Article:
Feb 28, 2022·edited Feb 28, 2022

One thing you didn’t predict, understandably, is the “Twitterization” of the conflict.

Suppose that you set out in 2019 to predict how governments would respond to the next pandemic. How would you do this? Presumably you’d look at their responses to past pandemics, estimate the probable severity of a virus, follow the latest public health discussions and the latest vaccine technology, etc. Would that exercise lead you to predict what happened over the last two years? No, not even close.

What happened was that people in early 2020 scrolled and tweeted their way into a frenzy. This deeply affected those in leadership roles, partly because they were responding to their constituents and partly because they themselves spend a lot of time scrolling and tweeting. As a result, the pandemic response was far more extreme and far different than someone in 2019 would have predicted.

Just as COVID-19 is the first pandemic in the Age of Twitter, so the Ukraine invasion is, in some sense, the first war in the Age of Twitter. As it unfolds, we are seeing many disturbing parallels to the events of early 2020. People are rapidly normalizing once-fringe ideas like a NATO-enforced no-fly zone, direct US conflict with Russia, regime change in Moscow, and even, incredibly, the use of nuclear weapons. Just as with COVID, we’re seeing the rapid abandonment of longstanding Western policies. The overnight flips on German defense spending and SWIFT are like the overturning of conventional public health policies on masking, lockdowns, and so on.

The emotionalism and recklessness we see in the Western professional class right now are producing an extremely dangerous situation. Let’s hope that it can be de-escalated before we get into a world war. And in making future predictions, we should acknowledge that the hyperconnected world brings with it new tail risks produced by rapid online escalation.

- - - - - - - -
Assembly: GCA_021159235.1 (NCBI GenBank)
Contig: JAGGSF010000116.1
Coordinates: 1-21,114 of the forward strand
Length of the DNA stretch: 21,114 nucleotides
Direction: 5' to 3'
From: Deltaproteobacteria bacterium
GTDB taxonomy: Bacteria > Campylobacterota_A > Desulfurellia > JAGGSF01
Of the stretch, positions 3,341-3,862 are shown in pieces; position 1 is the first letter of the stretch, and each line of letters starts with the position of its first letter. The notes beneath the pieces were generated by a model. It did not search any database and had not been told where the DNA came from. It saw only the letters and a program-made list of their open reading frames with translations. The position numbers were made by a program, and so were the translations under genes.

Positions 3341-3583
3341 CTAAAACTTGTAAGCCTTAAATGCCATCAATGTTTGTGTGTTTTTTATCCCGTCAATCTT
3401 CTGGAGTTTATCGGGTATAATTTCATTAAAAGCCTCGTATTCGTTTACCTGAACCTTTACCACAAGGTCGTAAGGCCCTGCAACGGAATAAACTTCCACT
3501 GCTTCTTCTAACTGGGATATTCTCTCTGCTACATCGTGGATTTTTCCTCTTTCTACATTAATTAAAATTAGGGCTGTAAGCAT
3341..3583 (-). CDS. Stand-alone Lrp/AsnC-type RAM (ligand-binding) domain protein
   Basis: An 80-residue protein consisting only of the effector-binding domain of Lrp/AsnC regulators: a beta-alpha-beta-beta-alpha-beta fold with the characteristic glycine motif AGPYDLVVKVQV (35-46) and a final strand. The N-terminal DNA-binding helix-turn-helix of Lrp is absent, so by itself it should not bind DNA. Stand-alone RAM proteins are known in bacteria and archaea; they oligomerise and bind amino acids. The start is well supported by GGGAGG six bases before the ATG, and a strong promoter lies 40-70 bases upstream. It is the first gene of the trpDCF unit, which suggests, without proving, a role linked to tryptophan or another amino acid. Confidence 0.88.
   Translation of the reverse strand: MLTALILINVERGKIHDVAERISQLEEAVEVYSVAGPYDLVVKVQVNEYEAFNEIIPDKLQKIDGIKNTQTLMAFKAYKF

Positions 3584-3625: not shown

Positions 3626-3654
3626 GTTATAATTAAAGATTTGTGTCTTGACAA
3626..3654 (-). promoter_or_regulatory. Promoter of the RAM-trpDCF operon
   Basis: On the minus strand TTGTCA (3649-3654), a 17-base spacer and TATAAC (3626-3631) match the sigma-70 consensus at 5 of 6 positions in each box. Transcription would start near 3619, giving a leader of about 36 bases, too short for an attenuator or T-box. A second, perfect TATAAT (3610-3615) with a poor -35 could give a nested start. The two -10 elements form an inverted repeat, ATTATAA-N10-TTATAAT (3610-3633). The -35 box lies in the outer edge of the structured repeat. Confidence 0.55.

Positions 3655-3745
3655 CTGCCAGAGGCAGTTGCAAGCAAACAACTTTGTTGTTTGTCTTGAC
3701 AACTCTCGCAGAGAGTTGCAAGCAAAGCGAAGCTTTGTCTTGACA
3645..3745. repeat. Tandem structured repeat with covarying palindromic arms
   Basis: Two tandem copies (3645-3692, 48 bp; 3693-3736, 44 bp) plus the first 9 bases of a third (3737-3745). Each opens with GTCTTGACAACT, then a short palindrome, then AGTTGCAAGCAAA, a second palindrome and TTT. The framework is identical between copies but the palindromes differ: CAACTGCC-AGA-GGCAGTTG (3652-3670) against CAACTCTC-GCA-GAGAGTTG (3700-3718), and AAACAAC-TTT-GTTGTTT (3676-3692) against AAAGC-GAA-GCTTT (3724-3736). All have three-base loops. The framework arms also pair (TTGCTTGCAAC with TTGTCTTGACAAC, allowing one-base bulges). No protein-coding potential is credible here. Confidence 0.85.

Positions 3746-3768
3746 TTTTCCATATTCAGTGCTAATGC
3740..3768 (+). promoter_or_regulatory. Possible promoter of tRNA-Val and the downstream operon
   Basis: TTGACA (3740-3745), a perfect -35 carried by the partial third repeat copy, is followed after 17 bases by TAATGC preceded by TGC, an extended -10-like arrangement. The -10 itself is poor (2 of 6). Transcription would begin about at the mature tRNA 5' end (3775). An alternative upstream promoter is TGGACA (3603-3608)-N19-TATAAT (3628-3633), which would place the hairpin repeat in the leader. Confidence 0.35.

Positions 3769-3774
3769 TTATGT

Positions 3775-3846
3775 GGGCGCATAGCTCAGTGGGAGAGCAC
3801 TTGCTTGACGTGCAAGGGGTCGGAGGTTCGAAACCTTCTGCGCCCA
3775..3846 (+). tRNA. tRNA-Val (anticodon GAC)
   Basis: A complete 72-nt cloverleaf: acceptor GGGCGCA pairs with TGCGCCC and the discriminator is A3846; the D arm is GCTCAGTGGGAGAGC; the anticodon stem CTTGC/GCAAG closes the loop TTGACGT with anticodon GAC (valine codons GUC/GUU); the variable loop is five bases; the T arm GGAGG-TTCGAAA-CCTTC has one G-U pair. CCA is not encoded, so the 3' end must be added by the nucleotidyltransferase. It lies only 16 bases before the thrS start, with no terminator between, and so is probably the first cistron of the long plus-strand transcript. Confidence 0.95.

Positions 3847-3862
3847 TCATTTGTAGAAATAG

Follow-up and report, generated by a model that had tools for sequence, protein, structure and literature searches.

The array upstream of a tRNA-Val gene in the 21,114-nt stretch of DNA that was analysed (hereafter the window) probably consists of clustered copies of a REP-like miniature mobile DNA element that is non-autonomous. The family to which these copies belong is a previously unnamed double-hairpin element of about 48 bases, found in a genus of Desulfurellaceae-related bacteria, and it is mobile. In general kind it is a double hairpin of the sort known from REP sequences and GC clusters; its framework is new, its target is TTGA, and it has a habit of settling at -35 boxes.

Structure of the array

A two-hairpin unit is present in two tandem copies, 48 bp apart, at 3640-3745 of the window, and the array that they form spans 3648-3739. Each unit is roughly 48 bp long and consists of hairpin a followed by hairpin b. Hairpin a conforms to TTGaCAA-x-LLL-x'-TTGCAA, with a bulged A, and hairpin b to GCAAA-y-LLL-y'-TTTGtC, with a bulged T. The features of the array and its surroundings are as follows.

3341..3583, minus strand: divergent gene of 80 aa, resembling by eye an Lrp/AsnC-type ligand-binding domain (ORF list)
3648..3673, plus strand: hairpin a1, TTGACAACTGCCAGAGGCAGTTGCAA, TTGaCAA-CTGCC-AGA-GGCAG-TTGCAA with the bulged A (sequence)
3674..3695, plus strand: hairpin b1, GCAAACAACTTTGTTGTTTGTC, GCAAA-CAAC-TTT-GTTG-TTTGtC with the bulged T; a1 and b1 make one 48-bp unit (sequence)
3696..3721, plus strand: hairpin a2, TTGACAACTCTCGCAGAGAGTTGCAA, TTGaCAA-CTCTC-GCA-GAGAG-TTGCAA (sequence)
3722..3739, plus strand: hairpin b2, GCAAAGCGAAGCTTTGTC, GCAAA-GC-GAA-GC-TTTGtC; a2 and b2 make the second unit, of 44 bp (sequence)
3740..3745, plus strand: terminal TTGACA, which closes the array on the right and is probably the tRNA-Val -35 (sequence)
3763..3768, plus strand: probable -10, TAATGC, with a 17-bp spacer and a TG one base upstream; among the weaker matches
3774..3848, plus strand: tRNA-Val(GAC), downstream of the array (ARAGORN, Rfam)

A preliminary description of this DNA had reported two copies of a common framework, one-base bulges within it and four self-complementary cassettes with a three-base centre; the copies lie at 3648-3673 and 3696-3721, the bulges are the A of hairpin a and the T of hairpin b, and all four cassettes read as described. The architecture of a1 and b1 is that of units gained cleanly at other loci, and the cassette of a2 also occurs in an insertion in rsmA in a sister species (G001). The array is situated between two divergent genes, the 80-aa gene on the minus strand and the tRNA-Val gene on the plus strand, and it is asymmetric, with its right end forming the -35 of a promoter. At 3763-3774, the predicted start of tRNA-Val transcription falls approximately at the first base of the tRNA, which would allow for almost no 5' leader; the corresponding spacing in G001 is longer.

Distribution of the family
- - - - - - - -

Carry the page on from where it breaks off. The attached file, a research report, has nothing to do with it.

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NATO expansion is a pretext for the deranged emperor to extend the reach of his mafia state. Historically, Ukraine was not a country, but Putin forged it. If Russia were attractive as a partner, many Ukrainians would support getting closer and perhaps establishing a confederation. But this is over now. The hatred against Russia is at the level not seen since the war against Nazis. If you could understand the pull of freedom and the disgust with Russia among the Ukrainians before the invasion, you’d have made a much better prediction about how strong they’d resist the invaders. Ukraine has already won since the now have a leader who, dead or alive, is a powerful symbol of resistance against the ugly force and the catalyst of national unity and readiness to sacrifice to keep national freedom. And plz stop talking about NATO expansion as the reason for this invasion and stop pushing for appeasement of the mafia state.

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It was never about the "security guarantees" or fear of the NATO expansion. I am not sure if you had seen the already prepared declaration of victory article that was sitting on the Russian propaganda news channels such as ria.ru and sputnik.ru (now deleted but available in archives) ready to be linked to from the main page once the easy victory over Ukraine is achieved. The victory was supposed to be pronounced on Feb 26th and the "historic mission" Putin took on was to recreate the unified state of Russia, Belarus and Ukraine. This has been the mission all along. NATO expansion was just the pretext. I just can't believe why many republicans have so much difficulty falling out of love with Putin. Not sure why they fell for him to begin with. He is a deranged dictator who wanted to go down in history as equal to Peter the Great

here is the link to the article. It is in Russian. I am sure you will be able to find the English translation of it somewhere


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I wonder if you or any of these surprised “experts” who describe or make predictions about Ukraine have ever actually been to Ukraine. Because if they had been, nothing would have been surprising.

Instead, these “experts” rely on Russian “knowledge” about Ukraine which is full of half-truths and desperate wishful thinking. Russian-speaking people are persecuted in Ukraine on a mass scale (you can now see videos of Russian-speaking Ukrainians cursing Russia in Russian). Ukraine’s government is not democratic and is hated by the people (Zelensky won in a landslide). Ukrainian people are under American-Nazi occupation and want liberation by Russia (lol). 80% of Ukrainian soldiers will desert as Crimean ones did (Crimeans are actually Russians, not just Russian-speaking Ukrainians). Banning Russian media was an example of repression (it was a populist move designed to get more support by picking on unpopular media sources) Etc.